Biomass

The biomass portion of this website contains the Arkansas Biomass Resource Assessment. This study was funded by a grant from the Department of Energy, through the Southern States Energy Board, to the Arkansas Energy Office (AEO). Partners in the project include AEO, Arkansas Department of Environmental Quality, and the Arkansas Forestry Commission. The purpose of this study is to inform public policy makers and agency program planners, private sector entrepreneurs, equipment vendors, and potential investors, public utilities so that they can more effectively quantify target feedstocks and identify target locations for bioenergy systems in the state of Arkansas.

The results of this study are presented in four categories – agriculture, forestry, animal, and municipal – which make up 52%, 28%, 14%, and 7% of the biomass resource, respectively. Detailed information, maps and links to the data in dowloadable Excel format are accessible throughout the site.

Arkansas has an excellent biomass resource potential. An estimated 19.8 billion kWh of electricity could be generated using renewable biomass fuels in Arkansas. This is enough electricity to fully supply the annual needs of 1,979,000 average homes, or 150 percent of the residential electricity use in Arkansas. These biomass resource supply figures are based on estimates for five general categories of biomass: urban residues, mill residues, forest residues, agricultural residues, and energy crops. Of these potential biomass supplies and the quantities cited below, most forest residues, agricultural residues, and energy crops are not presently economic for energy use.

Wood is the most commonly used biomass fuel for heat and power. The most economic sources of wood fuels are usually urban residues and mill residues. Urban residues used for power generation consist mainly of chips and grindings of clean, non-hazardous wood from construction activities, woody yard and right-of-way trimmings, and discarded wood products such as waste pallets and crates. Local governments can encourage segregation of clean wood from other forms of municipal waste to help ensure its re-use for mulch, energy, and other markets. Using clean and segregated biomass materials for electricity generation recovers their energy value while avoiding landfill disposal. Mill residues, such as sawdust, bark, and wood scraps from paper, lumber, and furniture manufacturing operations are typically very clean and can be used as fuel by a wide range of biomass energy systems. The estimated supplies of urban and mill residues available for energy uses in Arkansas are 667,000 and 4,705,000 dry tons per year, respectively.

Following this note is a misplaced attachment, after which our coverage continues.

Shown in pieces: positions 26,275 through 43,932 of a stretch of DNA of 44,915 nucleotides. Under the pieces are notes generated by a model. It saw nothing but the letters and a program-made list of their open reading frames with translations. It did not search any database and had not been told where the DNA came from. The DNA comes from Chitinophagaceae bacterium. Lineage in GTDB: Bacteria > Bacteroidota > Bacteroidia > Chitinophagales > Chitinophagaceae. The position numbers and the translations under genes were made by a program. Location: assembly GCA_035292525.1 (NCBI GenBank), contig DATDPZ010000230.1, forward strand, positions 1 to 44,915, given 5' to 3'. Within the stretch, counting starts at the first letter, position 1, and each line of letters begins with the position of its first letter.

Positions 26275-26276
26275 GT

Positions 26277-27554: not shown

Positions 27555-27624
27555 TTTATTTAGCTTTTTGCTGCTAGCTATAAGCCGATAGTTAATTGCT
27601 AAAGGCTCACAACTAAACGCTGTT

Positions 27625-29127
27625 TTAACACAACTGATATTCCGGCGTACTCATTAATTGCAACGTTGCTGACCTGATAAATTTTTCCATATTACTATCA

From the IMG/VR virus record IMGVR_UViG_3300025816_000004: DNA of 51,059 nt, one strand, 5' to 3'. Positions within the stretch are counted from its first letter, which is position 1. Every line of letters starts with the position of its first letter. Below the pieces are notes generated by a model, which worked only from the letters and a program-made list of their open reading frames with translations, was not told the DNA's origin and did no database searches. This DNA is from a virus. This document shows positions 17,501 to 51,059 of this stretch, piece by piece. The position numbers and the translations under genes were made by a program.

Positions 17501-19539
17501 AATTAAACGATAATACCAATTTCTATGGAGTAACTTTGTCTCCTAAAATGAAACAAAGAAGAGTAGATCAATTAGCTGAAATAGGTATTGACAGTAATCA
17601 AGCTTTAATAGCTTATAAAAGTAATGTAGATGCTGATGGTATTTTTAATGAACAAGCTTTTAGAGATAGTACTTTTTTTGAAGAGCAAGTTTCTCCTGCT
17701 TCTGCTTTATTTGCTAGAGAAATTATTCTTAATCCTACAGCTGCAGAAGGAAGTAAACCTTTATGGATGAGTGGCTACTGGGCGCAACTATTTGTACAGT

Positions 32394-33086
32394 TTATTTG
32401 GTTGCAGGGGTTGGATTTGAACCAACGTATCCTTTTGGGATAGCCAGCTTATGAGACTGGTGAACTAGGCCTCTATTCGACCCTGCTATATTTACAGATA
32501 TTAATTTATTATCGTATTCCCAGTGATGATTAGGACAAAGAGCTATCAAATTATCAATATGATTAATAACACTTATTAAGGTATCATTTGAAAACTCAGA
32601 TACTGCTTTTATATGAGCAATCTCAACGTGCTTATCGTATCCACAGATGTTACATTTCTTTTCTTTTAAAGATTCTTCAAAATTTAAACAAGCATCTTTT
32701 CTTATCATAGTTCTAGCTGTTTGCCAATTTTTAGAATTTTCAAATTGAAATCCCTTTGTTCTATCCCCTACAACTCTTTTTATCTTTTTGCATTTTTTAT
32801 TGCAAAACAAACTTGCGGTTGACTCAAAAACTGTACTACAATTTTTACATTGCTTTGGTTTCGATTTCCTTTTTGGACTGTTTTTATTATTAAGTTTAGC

Wood is the most commonly used biomass fuel for heat and power. Photo: NREL

Forest residues include underutilized logging residues, imperfect commercial trees, dead wood, and other non-commercial trees that need to be thinned from crowded, unhealthy, fire-prone forests. Because of their sparseness and remote location, these residues are usually more expensive to recover than urban and mill residues. The estimated supply of forest residues for Arkansas is 1,738,000 dry tons per year.
Agricultural residues are the biomass materials remaining after harvesting agricultural crops. These residues include wheat straw, corn stover (leaves, stalks, and cobs), orchard trimmings, rice straw and husks, and bagasse (sugar cane residue). Due to the high costs for recovering most agricultural residues, they are not yet widely used for energy purposes; however, they can offer a sizeable biomass resource if supply infrastructures are developed to economically recover and deliver them to energy facilities. An estimated 984,000 dry tons per year is available from corn stover and wheat straw in Arkansas. 

Agricultural residue, such as this corn stover, can serve as a source for biomass. Photo: NREL 

Energy crops are crops developed and grown specifically for fuel. These crops are carefully selected to be fast-growing, drought and pest resistant, and readily harvested alternative crops. Energy crops include fast-growing trees, shrubs, and grasses such as hybrid poplars, hybrid willows, and switchgrass, respectively. In addition to environmental benefits, energy crops can provide income benefits for farmers and rural land owners. For Arkansas, the production potential for energy crops is estimated at 5,510,000 million dry tons per year.

 

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Download study attachments
  • NREL BioEnergy Atlas

    Built into Google Maps, BioEnergy Atlas includes two interactive maps, BioPower and BioFuels. These maps allow you to compare and analyze biomass feedstocks, biopower and biofuels data from the U.S. Department of Energy (DOE), U.S. Environmental Protection Agency (EPA), and the U.S. Department of Agriculture. Learn more>>

  • Bioenergy KDF

    Similar to the BioEnergy Atlas, this tool supported by the Department of Energy incorporates data shared by government and the bioenergy industry.  The KDF examines the economic and environmental impacts of development options for biomass feedstock production, biorefineries, and related infrastructure. Learn more>>

  • Regional Strategy for Biobased Products in the Mississippi Delta

    A key group of regional leadership organizations has established a comprehensive strategic plan for growing the bioeconomy in 98 counties located along the Mississippi River in Arkansas, Kentucky, Mississippi, Missouri and Tennessee.

    To download the study >>